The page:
November’s Recommendations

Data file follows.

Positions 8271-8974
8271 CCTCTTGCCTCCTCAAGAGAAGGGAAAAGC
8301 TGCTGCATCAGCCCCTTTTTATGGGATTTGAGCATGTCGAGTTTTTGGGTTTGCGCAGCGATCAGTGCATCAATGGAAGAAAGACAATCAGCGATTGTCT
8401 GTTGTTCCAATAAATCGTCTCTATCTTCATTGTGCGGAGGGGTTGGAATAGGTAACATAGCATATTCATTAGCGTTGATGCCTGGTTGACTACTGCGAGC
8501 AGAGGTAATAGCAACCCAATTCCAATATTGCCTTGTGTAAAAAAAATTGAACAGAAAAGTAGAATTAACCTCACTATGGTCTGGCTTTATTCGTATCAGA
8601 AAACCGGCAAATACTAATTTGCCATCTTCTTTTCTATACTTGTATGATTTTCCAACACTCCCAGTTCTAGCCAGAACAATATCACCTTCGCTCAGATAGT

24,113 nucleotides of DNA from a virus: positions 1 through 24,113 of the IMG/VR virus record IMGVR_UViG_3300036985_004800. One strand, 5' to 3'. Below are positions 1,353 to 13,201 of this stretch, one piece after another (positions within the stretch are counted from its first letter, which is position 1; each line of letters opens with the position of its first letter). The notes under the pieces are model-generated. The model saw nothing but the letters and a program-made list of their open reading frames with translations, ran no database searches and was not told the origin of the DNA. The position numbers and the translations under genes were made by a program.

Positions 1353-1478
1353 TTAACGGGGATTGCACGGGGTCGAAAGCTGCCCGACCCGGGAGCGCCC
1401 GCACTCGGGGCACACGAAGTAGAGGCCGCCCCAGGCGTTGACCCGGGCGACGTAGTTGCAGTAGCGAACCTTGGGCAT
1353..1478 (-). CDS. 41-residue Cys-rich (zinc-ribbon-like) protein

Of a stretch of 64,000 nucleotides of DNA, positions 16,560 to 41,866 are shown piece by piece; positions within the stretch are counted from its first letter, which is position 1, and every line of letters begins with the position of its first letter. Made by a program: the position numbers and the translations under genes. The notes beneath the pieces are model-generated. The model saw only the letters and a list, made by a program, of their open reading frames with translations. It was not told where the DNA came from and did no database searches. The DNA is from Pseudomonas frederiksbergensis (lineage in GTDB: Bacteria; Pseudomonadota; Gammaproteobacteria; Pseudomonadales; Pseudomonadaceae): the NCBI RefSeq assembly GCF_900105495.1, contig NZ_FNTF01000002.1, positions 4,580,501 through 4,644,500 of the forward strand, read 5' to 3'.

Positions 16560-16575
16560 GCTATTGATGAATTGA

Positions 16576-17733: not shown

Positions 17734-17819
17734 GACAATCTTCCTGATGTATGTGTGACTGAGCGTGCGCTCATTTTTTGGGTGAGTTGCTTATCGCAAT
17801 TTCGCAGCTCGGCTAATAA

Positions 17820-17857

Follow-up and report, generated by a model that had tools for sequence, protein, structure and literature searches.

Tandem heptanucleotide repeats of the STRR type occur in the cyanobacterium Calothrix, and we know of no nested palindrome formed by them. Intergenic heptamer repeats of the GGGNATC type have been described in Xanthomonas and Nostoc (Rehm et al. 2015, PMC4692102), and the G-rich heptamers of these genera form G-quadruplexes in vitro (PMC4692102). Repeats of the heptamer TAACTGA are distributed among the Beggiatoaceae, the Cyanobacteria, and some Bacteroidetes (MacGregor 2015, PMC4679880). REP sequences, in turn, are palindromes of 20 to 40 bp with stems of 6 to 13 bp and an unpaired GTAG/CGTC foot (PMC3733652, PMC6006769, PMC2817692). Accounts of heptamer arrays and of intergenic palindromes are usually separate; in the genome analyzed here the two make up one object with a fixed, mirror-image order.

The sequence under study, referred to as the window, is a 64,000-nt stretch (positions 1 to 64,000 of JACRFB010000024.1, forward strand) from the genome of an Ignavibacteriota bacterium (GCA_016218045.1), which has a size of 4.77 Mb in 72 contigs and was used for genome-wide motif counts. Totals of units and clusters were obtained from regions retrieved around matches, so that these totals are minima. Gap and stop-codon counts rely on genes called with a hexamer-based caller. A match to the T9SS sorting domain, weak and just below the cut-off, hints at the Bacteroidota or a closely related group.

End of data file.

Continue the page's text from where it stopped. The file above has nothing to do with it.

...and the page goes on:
obese catNovember brings us much cooler weather in the Ohio region. At least we get comfort food to go along with it! Thanksgiving goodies such as turkey, mashed potatoes and cranberry sauce should generally be kept to human members of the family. We are going to take this food-filled month to bring up the ever-increasing problem of pet obesity. Obesity in our animals is a growing problem. Other than the obvious symptoms of being lethargic, letting your dog or cat’s weight creep up causes other issues with their health. One major issue is joint pain and arthritis. Older animals, or animals with joint abnormalities should always be kept a healthy weight. Their joint problems can worsen with each pound they gain. Overweight animals without joint problems will develop issues sooner than their thinner counterparts. Overweight cats are especially prone to hepatic lipidosis, or fatty liver disease, which can lead to liver failure and death. Dogs and cats are both prone to heart problems with increased weight. The heart has to work much harder to pump the blood through these animals’ blood vessels. Yet another weight-related disease which affects both humans and animals is diabetes. Overweight and obese animals are much more likely to succumb to this disease, and are generally treated with insulin injections and careful feeding routines. The most shocking effect of obesity in our pets is decreased life expectancy. Studies have shown that animals that are even just a few extra pounds overweight may be losing years of their lives. Worried about your pet’s weight? Please call and make an appointment with your veterinarian. They will give you a target weight for your animal and advise on how to help them lose the weight.